What was the presence of Bach and Baroque music like in Iceland? I’m guessing there were no Baroque composers at the time.

Certainly not. More or less all cultures have a folk heritage that stretches back as long as the country has existed and Iceland is no exception, but in terms of classical music written in the western tradition as we know it, the earliest examples would be composers from the late 19th century. When Bach was living, there was nobody ‘writing music’ as such in Iceland. There were some imports so we sang famous manuscripts from Europe but there was no documentation really of anyone writing anything down themselves, and we hardly had any instruments!

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I’ve had a look at your album covers and website. It’s quite aesthetic-driven and there’s a theme of glass and reflections on all three of them. Is that something that was planned?

For me everything matters when it comes to creating an album. Its core has to be reflected in the smallest details. On the back cover of the Bach album you can see the kaleidoscope we created and used to shoot the front cover, and if you read my album text and what I have put on the album you see the whole idea is a kaleidoscopic view of Bach. His music also reflects each performer- how one thinks about music on the deepest level. He quickly becomes a musical mirror for anyone who starts working on his music.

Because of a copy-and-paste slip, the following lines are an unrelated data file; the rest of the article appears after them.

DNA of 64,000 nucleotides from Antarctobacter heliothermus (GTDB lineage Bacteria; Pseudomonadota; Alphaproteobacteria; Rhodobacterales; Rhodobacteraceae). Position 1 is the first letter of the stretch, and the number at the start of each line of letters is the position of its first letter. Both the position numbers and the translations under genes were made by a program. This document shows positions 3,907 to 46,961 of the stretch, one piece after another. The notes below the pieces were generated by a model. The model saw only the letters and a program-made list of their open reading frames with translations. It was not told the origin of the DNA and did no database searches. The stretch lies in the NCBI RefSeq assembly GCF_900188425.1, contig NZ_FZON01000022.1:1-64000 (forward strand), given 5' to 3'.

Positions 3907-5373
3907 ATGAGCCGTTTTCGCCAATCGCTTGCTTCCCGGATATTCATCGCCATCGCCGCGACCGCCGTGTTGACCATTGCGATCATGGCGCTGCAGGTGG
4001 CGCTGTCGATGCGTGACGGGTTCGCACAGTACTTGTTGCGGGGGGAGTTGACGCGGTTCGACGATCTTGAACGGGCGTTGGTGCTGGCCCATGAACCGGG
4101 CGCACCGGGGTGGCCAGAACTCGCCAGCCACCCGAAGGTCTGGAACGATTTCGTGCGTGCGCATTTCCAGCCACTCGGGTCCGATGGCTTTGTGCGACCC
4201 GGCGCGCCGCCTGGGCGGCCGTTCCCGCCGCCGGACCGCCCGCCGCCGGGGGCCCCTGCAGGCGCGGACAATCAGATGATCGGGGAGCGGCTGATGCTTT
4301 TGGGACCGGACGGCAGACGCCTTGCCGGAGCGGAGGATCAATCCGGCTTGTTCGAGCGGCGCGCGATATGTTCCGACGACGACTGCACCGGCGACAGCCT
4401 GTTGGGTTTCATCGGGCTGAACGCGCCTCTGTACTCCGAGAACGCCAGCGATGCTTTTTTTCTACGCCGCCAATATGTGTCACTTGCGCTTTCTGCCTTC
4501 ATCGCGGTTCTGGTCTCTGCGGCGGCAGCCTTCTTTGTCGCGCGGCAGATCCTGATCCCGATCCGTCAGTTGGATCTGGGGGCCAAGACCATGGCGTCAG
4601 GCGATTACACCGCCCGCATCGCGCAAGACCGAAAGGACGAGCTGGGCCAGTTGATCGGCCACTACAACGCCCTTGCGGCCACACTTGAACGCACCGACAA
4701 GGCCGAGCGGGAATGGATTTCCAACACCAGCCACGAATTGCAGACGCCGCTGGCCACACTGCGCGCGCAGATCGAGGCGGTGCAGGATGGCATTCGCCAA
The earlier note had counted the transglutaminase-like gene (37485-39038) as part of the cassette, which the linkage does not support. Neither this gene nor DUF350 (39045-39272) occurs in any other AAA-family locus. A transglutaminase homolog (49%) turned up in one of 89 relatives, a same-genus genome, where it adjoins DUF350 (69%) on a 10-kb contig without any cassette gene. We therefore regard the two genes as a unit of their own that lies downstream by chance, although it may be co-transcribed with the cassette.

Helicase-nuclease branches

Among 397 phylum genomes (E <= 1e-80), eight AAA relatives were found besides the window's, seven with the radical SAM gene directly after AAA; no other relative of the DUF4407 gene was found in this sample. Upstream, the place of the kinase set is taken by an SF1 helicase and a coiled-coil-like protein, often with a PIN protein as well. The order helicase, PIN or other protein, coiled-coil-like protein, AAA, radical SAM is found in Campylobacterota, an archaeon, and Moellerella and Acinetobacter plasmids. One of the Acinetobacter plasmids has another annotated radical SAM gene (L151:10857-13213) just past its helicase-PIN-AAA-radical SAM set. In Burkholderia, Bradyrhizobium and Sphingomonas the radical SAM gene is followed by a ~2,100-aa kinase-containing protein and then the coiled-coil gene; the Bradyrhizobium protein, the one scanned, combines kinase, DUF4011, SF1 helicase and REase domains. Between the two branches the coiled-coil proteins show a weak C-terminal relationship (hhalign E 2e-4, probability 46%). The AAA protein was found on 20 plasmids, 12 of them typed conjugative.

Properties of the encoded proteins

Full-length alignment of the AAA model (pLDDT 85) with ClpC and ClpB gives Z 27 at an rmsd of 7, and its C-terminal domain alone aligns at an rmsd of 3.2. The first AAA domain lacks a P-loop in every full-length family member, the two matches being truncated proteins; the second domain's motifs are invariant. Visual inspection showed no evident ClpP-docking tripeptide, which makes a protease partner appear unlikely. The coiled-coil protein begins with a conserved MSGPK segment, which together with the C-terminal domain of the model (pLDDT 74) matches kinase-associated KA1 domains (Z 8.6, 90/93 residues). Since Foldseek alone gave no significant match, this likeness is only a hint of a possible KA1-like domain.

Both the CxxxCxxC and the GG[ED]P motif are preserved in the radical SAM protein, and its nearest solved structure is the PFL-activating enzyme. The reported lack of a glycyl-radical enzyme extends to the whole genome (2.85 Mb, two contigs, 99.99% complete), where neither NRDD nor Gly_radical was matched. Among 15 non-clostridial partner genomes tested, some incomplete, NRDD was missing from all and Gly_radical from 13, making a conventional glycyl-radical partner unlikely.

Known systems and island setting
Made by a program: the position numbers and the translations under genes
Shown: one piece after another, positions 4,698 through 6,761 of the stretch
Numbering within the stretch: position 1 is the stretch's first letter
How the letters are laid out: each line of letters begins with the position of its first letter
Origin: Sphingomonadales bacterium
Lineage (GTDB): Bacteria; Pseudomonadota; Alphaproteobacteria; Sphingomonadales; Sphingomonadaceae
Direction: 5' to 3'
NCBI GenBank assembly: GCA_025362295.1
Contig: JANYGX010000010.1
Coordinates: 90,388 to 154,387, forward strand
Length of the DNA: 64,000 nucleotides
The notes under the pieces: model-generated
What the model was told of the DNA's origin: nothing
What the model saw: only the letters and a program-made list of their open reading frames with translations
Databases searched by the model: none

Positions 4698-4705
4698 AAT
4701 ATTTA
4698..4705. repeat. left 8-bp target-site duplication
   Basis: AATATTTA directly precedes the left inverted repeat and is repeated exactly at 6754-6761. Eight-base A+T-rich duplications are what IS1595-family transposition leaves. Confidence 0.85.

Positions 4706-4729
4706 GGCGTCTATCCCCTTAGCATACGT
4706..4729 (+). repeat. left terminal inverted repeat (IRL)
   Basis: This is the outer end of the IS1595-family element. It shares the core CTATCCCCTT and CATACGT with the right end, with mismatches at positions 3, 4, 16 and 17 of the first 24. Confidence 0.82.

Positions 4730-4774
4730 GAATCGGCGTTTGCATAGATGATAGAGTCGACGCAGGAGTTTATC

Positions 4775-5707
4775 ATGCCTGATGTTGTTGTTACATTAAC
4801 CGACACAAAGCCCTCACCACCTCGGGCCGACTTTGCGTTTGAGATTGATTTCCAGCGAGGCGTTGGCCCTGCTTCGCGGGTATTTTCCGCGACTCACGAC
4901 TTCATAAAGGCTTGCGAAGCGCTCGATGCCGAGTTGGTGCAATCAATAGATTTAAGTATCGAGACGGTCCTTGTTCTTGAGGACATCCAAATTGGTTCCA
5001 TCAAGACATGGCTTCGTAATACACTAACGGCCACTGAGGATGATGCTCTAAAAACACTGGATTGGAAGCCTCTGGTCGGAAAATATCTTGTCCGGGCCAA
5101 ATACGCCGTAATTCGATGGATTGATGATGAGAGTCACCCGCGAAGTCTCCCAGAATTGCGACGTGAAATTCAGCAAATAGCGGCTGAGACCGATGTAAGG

For the Phillip Glass album cover we naturally wanted to work with glass. In the end we shot through prism glass with white light beaming through it creating cool prism colours reflecting on my face that I felt reflected the music and aesthetics of that sound world. 

Everything is important in the way you experience an album, not just the sounds it brings you (though that is of course most important). The feel of the paper, the text, the typography, the photos, it all matters. In that sense, I believe physical albums, when done right, will always have something that you can’t offer on streaming platforms. It’s also why I particularly love the format of vinyls.

Too many classical performers tend to see recording as a mere extension of their performing activities, a documentation of what they’ve been up to on stage. I prefer to approach it more as an art form independent of my performing activities. The Bach album was conceived as a composition in 35 parts. I hadn’t toured any of it before recording and had to learn much of it from scratch but I wanted those exact pieces for many different reasons and I believe in the way they work in that exact context. It took me months to form it before starting to work on the notes at the piano. The inner rhythms and narrative pace of an album are infinitely interesting and the balance and proportions have to be just right for 70-80 min of music to work convincingly together.

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Is there anything you want to tell us about what you have planned in the next few months? Exciting times ahead for you?

I consider myself very lucky as I get to do what I love in such beautiful, great concert houses with wonderful orchestras. I’m looking forward to touring my Bach album around the globe and to keep experimenting. That is the dream. And I am also working on my next album, to be released by Deutsche Grammophon in 18 months.